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Customer Reviews

Studying this book will make you a better reader.
L. Wolf
It is really scandalous that Mr. Wood didn't see fit to mention this forebear from which he borrows so much.
madman
Wood quotes a favorite image from Saul Bellow's "Seize the Day."
M. Fetler

Most Helpful Customer Reviews

129 of 146 people found the following review helpful By Charlus on July 22, 2008
Format: Hardcover
James Wood conducts a concise but edifying tour behind the curtain of novel making, aimed primarily at the student and interested layperson. He examines the techniques used by the novelist that readers routinely take for granted. By spotlighting and defamiliarizing them, he demonstrates how they have evolved over the centuries, including examples of both good and bad usage.

Topics include free indirect style, the conciousness of characters, reality in fiction, successful use of metaphor and simile, different registers of tone, among others.

One of his most interesting discussions is on characters: how have different writers approached creating characters, including a history of critical responses to those approaches.

This is typical of Wood's modus operandi: take a basic component of novel writing and examine the assumptions we make as readers in order to understand and use what we are reading; what are the conventions writers and readers have evolved, and how did they come into being. Wood's style here is mostly shorn of the metaphors that illuminate his prior collections of criticism; the writing is invariably clear and succinct.

My only disappointment was in his episodic inability to refrain from revealing key plot points (i.e. Anna and the train) that may diminish the pleasure for future readers.

This is the best book I know to make one a more observant and appreciative reader.
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196 of 244 people found the following review helpful By Susan Wise Bauer on January 28, 2009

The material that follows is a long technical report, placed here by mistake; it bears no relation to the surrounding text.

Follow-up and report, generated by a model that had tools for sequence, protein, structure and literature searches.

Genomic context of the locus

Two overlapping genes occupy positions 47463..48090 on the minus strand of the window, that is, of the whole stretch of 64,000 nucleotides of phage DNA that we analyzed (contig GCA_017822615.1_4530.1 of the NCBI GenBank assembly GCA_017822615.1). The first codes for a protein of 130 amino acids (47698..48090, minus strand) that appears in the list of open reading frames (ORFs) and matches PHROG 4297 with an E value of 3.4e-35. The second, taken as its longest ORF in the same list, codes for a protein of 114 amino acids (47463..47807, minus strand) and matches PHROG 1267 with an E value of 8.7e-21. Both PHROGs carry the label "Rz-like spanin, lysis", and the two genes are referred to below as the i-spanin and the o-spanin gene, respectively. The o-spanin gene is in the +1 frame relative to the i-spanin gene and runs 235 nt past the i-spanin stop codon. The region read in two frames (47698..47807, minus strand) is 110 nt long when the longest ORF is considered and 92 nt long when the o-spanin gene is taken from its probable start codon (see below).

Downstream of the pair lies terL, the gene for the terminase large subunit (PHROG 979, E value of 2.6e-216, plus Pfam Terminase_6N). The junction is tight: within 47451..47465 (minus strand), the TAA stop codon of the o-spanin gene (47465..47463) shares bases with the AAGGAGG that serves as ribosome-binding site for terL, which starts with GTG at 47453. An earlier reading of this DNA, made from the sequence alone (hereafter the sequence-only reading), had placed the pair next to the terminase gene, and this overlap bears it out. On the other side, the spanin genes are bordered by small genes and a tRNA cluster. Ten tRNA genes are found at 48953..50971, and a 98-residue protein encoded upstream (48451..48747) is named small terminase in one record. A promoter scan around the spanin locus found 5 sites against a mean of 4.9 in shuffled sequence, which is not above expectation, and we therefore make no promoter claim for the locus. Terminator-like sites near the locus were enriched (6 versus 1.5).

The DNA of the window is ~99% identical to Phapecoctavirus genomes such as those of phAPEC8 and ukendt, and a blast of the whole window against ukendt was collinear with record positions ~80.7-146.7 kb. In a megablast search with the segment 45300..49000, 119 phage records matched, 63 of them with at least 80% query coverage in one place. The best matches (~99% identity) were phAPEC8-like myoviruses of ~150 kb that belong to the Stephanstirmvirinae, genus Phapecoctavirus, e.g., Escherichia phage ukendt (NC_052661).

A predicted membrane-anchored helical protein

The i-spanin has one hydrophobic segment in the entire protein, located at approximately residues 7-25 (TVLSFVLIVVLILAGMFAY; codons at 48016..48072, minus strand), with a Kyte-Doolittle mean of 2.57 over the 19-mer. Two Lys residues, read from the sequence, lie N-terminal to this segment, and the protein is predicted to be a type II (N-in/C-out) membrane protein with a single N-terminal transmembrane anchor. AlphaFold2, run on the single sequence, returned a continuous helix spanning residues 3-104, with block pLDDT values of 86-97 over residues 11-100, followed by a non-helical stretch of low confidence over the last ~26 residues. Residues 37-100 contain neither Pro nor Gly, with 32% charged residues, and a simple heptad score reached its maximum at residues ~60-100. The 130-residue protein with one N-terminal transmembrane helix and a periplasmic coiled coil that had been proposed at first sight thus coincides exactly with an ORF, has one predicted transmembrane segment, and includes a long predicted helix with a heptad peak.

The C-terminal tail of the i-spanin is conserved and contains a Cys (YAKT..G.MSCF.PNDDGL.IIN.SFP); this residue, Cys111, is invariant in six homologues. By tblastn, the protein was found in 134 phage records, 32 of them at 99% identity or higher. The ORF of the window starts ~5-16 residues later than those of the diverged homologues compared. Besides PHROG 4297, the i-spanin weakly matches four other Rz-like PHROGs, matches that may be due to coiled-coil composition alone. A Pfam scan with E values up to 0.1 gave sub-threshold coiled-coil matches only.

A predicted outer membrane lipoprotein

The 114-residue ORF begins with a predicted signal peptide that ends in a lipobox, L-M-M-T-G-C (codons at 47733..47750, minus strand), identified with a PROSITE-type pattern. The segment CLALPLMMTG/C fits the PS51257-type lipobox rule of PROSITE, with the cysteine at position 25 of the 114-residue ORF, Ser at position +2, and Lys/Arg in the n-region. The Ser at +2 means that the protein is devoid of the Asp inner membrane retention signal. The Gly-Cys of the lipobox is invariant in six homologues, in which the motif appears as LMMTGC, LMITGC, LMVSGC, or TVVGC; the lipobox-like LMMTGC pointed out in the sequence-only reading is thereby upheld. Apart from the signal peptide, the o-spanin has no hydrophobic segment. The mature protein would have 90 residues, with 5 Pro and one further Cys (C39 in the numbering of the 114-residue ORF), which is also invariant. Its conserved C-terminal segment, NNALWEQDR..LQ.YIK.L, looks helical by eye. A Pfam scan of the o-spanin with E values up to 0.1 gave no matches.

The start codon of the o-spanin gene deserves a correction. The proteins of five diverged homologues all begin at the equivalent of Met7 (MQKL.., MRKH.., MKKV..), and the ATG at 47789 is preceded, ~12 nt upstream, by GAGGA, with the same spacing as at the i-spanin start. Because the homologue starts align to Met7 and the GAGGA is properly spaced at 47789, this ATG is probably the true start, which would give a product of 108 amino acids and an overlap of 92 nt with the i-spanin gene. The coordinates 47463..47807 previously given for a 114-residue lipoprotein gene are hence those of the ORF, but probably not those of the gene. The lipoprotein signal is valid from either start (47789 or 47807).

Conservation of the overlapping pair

Format: Hardcover
Too much micro-analysis, too little attention to the whole; too much scorn for the "popular," too much delight in his own prose ("Nearly all of Muriel Spark's novels are fiercely composed and devoutly starved"), way too much jargon ("Characterological relativity"? Really?).

Wood is intensely interested in small things. In use of detail, in single phrases and sentences, in rhythm and vocabulary. Which is fine, and I gave the book two stars instead of one because he makes useful observations about the construction of prose. His section on "The Rise of Detail" was particularly good, and I plan on rereading and making use of it.

But he pays no attention to the entire novel. He spends page after page after page rhapsodising about single sentences and details. Saul Bellow's description of flying, he enthuses, tells the reader exactly what flying feels like. "And yet until this moment one did not have these words to fit this feeling. Until this moment, one was comparatively inarticulate; until this moment, one had been blandly inhabiting a deprived eloquence." (Yep, that's been my entire experience of flying up to this point. I blandly inhabit a deprived eloquence.) What the entire novel does, why we might read it, what effect the whole sweep of it might have on us, and (most important for a book called How Fiction Works) how the writer constructed it-all of these things are ignored.